How to Write Dazzling Dialogue by James Scott Bell



You know it when you hear it—dialogue that sparkles on the page and practically begs to be read out loud. Dialogue by people like Elmore Leonard, Lawrence Block, and Richard A. Thompson. I love clever dialogue and eagerly read anything that can tell me how to write it better.

HOW TO WRITE DAZZLING DIALOGUE points out the numerous ways that dialogue can go wrong and gives a brief explanation about why it’s a problem. Bell also gives examples of good dialogue, so we can see the difference. The examples are from well-known books, plays, and movies, and he is great at picking out excerpts that illustrate his points. Bell shows why characters in agreement make for boring dialogue (and boring books), how to handle exposition in dialogue, and how to handle tricky dialect.

Bell offers exercises to try, some of them quite unexpected. For example, try having a character say the exact opposite of what he should say, or insert a random line of dialogue from another book and see where it goes. Not all of these exercises will end up in the final draft, but some of them might.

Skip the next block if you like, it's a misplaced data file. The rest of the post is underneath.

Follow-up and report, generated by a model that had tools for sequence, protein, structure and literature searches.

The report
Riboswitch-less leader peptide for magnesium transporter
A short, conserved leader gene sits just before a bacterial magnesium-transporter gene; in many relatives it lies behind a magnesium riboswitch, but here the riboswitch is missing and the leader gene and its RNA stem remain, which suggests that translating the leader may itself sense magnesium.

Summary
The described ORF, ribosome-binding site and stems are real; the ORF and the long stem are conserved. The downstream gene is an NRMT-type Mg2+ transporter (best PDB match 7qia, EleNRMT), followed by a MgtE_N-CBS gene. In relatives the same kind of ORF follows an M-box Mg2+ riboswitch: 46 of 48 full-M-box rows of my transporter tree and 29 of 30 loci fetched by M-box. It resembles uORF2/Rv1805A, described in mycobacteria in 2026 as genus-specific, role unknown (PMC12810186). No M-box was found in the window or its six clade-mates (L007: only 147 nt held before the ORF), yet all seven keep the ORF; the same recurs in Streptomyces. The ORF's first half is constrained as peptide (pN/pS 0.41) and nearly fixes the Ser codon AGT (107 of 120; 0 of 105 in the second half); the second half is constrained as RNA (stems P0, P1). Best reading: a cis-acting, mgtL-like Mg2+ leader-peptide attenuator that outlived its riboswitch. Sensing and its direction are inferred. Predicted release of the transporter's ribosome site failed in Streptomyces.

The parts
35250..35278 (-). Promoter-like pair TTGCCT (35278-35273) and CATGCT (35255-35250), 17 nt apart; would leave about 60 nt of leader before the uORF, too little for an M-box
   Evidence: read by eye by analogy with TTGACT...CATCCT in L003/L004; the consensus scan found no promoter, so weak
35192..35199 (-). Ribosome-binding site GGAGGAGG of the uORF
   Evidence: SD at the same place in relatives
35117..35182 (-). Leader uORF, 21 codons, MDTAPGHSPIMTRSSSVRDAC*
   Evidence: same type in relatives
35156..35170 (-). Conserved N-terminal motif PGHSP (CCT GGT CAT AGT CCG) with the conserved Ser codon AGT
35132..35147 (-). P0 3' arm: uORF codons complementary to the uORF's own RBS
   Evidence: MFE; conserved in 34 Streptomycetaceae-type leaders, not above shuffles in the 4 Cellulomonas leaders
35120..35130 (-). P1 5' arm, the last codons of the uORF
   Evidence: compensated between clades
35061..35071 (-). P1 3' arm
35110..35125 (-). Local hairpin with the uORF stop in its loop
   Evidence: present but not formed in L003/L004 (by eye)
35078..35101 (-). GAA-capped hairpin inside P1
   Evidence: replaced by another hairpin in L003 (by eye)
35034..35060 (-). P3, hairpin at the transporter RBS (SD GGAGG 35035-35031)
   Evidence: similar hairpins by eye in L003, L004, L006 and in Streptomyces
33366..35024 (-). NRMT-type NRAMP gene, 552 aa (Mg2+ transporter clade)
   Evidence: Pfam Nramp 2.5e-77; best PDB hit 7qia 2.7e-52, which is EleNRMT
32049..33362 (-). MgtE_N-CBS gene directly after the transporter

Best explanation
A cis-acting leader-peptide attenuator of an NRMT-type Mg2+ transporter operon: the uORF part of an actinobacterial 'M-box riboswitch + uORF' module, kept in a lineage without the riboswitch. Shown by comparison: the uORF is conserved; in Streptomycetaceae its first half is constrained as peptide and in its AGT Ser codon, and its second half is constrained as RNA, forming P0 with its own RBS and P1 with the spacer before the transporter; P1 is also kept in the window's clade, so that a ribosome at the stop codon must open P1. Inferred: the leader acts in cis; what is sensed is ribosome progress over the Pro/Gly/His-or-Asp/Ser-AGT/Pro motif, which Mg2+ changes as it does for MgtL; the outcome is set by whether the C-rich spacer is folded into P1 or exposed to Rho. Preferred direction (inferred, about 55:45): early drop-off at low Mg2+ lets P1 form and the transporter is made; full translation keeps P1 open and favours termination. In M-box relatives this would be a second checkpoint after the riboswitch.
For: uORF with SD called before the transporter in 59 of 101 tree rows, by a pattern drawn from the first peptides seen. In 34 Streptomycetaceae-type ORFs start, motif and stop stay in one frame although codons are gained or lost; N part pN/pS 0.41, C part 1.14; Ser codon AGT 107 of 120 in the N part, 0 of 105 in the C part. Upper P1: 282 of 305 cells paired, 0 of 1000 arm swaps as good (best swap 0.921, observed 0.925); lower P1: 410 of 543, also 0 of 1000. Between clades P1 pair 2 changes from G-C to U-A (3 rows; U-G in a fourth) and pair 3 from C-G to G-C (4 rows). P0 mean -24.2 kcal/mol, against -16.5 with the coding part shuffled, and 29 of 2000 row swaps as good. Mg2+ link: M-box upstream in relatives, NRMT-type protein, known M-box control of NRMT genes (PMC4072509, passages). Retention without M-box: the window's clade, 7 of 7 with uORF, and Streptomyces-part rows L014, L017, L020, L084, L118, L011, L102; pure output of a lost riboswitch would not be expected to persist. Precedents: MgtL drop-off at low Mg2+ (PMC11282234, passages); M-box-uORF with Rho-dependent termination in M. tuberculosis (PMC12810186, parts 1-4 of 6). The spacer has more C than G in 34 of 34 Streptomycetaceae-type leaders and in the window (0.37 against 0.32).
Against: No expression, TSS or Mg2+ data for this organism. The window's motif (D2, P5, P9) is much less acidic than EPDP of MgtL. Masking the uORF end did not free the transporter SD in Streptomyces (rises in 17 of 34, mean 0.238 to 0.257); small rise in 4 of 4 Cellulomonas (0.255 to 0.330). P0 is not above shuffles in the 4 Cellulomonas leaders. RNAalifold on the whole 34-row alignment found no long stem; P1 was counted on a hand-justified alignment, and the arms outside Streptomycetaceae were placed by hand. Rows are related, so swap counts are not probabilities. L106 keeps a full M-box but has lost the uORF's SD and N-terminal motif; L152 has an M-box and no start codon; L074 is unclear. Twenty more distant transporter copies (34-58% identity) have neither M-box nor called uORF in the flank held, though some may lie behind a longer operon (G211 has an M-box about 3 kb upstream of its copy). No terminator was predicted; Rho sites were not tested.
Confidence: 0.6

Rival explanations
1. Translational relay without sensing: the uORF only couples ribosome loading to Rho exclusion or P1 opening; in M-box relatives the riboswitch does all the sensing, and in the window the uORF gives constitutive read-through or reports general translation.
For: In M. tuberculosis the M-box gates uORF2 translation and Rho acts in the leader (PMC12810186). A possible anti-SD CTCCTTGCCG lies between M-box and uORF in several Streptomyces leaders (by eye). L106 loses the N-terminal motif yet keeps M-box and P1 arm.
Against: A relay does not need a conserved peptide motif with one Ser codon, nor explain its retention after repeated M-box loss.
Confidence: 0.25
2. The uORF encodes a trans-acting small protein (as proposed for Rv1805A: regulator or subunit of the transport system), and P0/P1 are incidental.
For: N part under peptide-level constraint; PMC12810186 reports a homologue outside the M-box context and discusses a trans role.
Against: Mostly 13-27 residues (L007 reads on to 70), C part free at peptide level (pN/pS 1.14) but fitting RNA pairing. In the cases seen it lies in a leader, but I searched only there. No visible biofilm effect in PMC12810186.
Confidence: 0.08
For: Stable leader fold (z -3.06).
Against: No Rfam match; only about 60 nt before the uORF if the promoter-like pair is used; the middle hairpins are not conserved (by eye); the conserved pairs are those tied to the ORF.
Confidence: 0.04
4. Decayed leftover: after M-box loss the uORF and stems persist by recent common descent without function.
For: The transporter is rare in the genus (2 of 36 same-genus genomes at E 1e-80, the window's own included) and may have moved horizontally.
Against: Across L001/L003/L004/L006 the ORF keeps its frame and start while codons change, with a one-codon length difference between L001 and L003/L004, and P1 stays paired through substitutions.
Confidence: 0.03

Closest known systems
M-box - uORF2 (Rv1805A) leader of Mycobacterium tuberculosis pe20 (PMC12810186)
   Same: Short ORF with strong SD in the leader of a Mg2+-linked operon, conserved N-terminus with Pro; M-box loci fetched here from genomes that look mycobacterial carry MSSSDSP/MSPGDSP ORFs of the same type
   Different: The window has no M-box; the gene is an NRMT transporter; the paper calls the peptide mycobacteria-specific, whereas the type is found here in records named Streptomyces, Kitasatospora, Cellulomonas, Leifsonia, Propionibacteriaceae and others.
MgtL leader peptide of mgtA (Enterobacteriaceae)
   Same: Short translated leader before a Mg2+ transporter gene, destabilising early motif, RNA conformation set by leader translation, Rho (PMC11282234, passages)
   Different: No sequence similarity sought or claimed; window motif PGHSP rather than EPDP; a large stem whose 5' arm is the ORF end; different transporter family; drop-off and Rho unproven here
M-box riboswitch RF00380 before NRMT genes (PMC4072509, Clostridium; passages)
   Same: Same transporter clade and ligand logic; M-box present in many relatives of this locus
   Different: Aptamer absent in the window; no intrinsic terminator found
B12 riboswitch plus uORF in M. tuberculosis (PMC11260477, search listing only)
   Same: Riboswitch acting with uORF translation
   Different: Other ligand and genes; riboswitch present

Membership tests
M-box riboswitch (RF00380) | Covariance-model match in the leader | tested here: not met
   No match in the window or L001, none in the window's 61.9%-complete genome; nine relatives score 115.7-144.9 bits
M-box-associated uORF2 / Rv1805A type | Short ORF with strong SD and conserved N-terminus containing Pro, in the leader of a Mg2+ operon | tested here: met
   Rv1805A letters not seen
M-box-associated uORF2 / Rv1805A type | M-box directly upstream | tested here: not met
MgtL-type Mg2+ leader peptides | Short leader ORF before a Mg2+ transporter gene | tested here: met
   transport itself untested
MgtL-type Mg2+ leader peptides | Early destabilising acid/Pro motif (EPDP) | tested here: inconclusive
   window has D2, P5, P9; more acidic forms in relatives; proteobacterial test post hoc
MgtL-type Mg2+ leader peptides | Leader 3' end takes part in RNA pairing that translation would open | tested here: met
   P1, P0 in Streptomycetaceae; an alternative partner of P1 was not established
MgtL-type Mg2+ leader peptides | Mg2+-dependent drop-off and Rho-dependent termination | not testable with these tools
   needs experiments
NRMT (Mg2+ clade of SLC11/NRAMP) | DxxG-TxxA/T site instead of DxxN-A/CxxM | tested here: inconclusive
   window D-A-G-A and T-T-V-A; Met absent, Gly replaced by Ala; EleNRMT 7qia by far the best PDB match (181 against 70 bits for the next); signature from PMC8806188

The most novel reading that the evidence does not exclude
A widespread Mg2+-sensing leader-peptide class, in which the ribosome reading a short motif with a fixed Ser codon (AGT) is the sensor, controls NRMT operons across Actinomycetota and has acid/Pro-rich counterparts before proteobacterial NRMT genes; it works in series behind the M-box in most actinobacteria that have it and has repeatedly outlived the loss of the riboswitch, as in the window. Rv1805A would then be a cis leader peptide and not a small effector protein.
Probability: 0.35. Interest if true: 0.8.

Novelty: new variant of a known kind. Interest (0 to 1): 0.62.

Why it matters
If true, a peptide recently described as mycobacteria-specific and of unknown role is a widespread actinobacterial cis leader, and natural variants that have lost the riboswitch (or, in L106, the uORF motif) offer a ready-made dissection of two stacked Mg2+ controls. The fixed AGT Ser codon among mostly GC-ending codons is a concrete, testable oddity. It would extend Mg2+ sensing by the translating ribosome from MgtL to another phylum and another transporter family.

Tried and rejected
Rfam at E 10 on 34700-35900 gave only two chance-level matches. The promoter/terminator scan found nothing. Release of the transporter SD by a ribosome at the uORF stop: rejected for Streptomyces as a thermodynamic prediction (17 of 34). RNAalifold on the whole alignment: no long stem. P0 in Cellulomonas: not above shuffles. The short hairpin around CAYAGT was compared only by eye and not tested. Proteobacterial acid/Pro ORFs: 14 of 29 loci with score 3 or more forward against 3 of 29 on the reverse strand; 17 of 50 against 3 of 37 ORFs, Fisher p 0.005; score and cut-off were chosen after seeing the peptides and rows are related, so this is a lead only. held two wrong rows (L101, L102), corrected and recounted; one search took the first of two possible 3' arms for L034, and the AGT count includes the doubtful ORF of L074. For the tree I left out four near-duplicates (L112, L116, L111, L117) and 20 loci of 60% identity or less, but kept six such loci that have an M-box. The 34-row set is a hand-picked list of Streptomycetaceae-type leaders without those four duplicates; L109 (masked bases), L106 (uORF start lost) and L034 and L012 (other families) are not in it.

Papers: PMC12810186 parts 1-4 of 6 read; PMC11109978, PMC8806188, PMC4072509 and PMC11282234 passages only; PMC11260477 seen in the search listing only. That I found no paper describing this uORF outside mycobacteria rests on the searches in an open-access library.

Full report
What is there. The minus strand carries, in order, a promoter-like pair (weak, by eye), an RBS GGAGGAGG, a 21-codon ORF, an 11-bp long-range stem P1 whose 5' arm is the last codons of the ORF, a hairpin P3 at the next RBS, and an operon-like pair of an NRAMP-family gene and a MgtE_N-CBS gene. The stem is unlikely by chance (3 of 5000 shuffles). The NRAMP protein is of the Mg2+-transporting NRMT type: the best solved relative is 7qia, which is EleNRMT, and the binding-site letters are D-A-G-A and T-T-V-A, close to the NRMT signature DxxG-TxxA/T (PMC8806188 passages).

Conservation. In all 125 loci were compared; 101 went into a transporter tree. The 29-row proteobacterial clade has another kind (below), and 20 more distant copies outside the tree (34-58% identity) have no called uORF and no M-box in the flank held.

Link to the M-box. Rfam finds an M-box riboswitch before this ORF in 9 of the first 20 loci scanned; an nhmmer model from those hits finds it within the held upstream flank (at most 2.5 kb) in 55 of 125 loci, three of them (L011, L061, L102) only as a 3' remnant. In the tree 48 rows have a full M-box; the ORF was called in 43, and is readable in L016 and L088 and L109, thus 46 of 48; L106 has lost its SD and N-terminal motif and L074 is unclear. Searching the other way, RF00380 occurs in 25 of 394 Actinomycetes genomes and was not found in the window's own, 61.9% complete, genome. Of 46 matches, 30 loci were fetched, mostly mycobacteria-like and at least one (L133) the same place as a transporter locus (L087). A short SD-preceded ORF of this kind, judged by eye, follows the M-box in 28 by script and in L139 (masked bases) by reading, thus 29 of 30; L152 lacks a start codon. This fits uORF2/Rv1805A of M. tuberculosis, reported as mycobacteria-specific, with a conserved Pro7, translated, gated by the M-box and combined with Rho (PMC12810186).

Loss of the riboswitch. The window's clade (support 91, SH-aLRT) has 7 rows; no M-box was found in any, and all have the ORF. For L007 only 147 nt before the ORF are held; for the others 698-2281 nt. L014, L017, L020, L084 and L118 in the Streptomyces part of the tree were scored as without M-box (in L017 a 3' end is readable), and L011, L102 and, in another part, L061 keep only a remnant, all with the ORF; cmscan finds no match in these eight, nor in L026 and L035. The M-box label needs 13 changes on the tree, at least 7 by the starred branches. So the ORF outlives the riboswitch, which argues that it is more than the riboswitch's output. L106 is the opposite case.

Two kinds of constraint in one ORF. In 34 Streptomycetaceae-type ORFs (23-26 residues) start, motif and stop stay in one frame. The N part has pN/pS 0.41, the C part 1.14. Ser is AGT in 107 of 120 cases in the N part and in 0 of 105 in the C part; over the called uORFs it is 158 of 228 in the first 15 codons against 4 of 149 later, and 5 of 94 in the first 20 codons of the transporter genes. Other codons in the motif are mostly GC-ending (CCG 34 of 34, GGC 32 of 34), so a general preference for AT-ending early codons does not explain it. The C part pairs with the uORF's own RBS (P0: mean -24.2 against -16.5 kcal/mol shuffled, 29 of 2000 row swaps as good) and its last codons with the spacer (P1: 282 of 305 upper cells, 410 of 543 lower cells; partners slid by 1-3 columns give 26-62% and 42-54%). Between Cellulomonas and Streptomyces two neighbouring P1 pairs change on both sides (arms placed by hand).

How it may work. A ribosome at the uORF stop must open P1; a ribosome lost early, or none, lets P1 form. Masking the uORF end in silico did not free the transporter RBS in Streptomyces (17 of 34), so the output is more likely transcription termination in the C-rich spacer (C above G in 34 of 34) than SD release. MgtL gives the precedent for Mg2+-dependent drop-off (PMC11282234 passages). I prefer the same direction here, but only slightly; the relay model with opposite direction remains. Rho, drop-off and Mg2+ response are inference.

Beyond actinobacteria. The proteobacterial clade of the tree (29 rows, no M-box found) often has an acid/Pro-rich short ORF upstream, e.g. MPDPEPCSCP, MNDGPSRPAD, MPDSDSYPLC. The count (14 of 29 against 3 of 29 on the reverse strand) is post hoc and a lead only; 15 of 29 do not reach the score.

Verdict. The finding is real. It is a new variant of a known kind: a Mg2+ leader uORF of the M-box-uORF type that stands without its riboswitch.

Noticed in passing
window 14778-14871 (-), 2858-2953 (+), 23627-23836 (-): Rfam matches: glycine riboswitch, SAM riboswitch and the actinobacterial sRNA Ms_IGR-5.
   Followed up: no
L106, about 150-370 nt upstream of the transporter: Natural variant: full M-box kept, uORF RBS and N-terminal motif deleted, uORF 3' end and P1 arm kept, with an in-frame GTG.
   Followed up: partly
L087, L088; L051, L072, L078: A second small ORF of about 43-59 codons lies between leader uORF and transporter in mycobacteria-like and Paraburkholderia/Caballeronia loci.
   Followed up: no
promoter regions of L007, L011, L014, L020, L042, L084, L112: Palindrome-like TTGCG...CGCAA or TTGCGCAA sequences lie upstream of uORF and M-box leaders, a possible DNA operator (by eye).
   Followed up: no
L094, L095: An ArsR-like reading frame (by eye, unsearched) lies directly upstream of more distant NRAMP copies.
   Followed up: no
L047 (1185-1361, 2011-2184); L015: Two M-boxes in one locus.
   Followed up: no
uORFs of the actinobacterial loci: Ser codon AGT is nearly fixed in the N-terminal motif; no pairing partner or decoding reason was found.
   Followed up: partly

However, Bell doesn’t discuss any of the techniques in depth and only gives a single example for each. Although he uses first-rate examples, he doesn’t really explain why they work. He’s very good at pointing out beginner mistakes, but misses some of the more subtle problems that can creep into dialogue. HOW TO WRITE DAZZLING DIALOGUE will teach you how to write competent dialogue—good enough to keep you out of the slush pile—but probably won’t teach you how to write the sparkling dialogue readers love.




rating: 3 stars



This book is best for: beginning writers


I recommend this book or Writing Vivid Dialogue by Rayne Hall

2 thoughts on “How to Write Dazzling Dialogue by James Scott Bell

  1. I have to ask, do you think dazzling dialog is something that can be really and truly taught? Or is it just – there?

    • That is a good question–one I asked myself over and over again while reading Bell’s book and writing this review. Maybe you just have to have an ear for dialogue?

      But in all fairness, if Bell is writing a how-to book, then his premise is that good dialogue can be taught. I feel like he did a good job explaining the most common pitfalls, but I was hoping for something a bit more than that.

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